THERMAL SCIENCE

International Scientific Journal

Thermal Science - Online First

External Links

online first only

Numerical investigation of heat transfer in film layer under supersonic consition of convergent-divergent transition

ABSTRACT
The distribution of film cooling effectiveness in supersonic mainstream of circle-rectangular Convergent-Divergent transition has been numerically investigated under different pressure ratios. The shock wave exerted superior influence on film cooling. In supersonic main flow, extra compression waves formed in upstream of the film holes, resulted by the obstruction of the multiple cooling jets. This exerted extra pressure to the boundary layer, induced adverse pressure gradient, and led to weakening of the film flow attachment ability and decreasing of local cooling effectiveness. Bow oblique shock wave occurred in front of holes, the two oblique bow shaped low pressure zones formed on both sides of the hole, and low cooling effectiveness zones appeared accordingly. The inefficient region at the leading edge of the hole destroyed the film developing between holes, decreased the cooling effectiveness accumulation in the rear part. The decrease of hole incline angle caused an increase of cooling effectiveness, which reduced reverse velocity gradient caused by shock wave in the boundary layer and improved film attachment. The influence of main flow pressure ratio to film cooling was also investigated, and found with increasing of the ratio, the influence will became even significant.
KEYWORDS
PAPER SUBMITTED: 2019-04-01
PAPER REVISED: 2019-07-19
PAPER ACCEPTED: 2019-07-22
PUBLISHED ONLINE: 2019-08-10
DOI REFERENCE: https://doi.org/10.2298/TSCI190401310Z
REFERENCES
  1. Bertin, J. J., Hypersonic Aerothermodynamics, American Institute of Aeronautics and Astronautics, Inc, New York, USA, 1994.
  2. Saunders, O. A, Calder, P. H., Heat Transfer in a Nozzle at Supersonic Speeds, Proceedings of the Institution of Mechanical Engineers, Part B: Management and engineering manufacture, 1(1953), 12, pp. 232-239.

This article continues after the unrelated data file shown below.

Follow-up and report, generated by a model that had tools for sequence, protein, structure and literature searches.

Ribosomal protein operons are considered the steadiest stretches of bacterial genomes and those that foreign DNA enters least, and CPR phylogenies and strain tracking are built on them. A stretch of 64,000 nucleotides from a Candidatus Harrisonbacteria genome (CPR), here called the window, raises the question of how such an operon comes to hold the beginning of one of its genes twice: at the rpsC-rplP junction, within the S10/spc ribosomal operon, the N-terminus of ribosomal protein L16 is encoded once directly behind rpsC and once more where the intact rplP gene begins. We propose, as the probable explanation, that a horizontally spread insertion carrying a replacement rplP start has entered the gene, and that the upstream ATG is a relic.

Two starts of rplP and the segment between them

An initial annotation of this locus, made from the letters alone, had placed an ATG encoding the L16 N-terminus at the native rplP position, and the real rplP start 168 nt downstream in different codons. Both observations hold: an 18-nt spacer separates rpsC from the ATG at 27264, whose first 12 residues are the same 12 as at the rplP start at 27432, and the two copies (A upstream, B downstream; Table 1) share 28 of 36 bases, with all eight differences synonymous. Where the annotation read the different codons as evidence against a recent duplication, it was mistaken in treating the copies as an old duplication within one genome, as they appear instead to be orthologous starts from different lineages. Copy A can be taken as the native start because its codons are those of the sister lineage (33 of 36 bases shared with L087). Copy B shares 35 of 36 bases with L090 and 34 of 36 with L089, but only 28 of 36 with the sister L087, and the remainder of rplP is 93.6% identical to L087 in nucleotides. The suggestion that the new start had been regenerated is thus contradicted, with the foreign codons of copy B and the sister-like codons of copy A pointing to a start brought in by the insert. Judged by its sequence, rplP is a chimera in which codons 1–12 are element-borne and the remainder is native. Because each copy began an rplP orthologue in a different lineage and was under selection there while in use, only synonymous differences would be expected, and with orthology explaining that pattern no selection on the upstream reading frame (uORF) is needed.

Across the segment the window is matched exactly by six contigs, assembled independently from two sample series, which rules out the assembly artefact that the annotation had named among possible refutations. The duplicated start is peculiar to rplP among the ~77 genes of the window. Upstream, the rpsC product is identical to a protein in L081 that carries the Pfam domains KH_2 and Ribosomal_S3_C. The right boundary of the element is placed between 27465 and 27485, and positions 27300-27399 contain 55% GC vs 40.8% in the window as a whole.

3. Adamson, Jr. T.C., On the structure of jets from highly underexpanded nozzles into still air, Journal of the Aerospace sciences, 26(1959), 1, pp. 16-24.
  4. Carlson, D. J., C. H. Lewis, Normal shock location in underexpanded gas and gas-particle jets, AIAA Journal, 2 (1964), 4, pp.776-777.
  5. Holden, Michael, S., Experimental studies of shock wave-boundary layer interaction, In Von Karman Inst. for Fluid Dyn, Laminar and Turbulent Separation Including 3-Dimensional Effects 90 p (SEE N79-22422 13-34), 1974.
  6. Sandham, N. D., et al., Transitional shock-wave/boundary-layer interactions in hypersonic flow, Journal of Fluid Mechanics, 752(2014), pp. 349-382.
  7. Shimshi, E. , et al., Viscous simulation of shock-reflection hysteresis in overexpanded planar nozzles. Journal of Fluid Mechanics, 635(2009), pp. 189-206.
  8. HOLDEN M., Rodriguez K., Nowak R., et al. Experimental studies of shock wave/wall jet interaction in hypersonic flow//28th Aerospace Sciences Meeting. 1994: 607.
  9. Zaman, K., Bencic, T. J., Fagan, A F, et al., Shock-Induced Boundary-Layer Separation in Round Convergent-Divergent Nozzles, AIAA Journal, 54(2015), 2, pp. 434-442.
  10. Johnson, A. D., Papamoschou, D. Instability of shock-induced nozzle flow separation. Physics of Fluids, 22(2010), 1, pp. 016102.
  11. Kanda, T., Ono, F., Experimental studies of supersonic film cooling with shock wave interaction (II), Journal of thermophysics and heat transfer, 11(1997), 4, pp. 590-592.
  12. Ligrani, P. M., Saumweber C., Schulz A, et al., Shock wave-film cooling interactions in transonic flows//ASME Turbo Expo 2001: Power for Land, Sea, and Air. American Society of Mechanical Engineers, 2001: V003T01A019-V003T01A019.
  13. Juhany, K. A., Hunt, M. L., Sivo, J. M., Influence of injectant Mach number and temperature on supersonic film cooling, Journal of thermophysics and heat transfer, 8(1994), 1, pp. 59-67.
  14. O'CONNOR, J P., Haji-Sheikh, A., Numerical study of film cooling in supersonic flow, AIAA journal, 30(1992), 10, pp. 2426-2433.
  15. Takita K., Masuya G., Effects of combustion and shock impingement on supersonic film cooling by hydrogen, AIAA journal, 38(2000), 10, pp. 1899-1906.
  16. Back, L. H., Gier, H. L., Massier, P F. Comparison of measured and predicted flows through conical supersonic nozzles, with emphasis on the transonic region, AIAA Journal, 3(1965), 9, pp. 1606-1614.
  17. Aupoix, B., Mignosi, A., Viala, S., et al., Experimental and numerical study of supersonic film cooling, AIAA journal, 36(1998), 6, pp. 915-923.
  18. OLSEN, GEORGE, et al., Experimental results for film cooling in 2-d supersonic flow including coolant delivery pressure, geometry, and incident shock effects, 28th Aerospace Sciences Meeting, 1990.
  19. Dutton, J. C. Swirling supersonic nozzle flow, Journal of Propulsion and Power, 3(1987), 4, pp. 342-349.
  20. Peng, W., Sun, X., Jiang, P., et al., Effect of continuous or discrete shock wave generators on supersonic film cooling, International Journal of Heat and Mass Transfer, 108 (2017), pp. 770-783.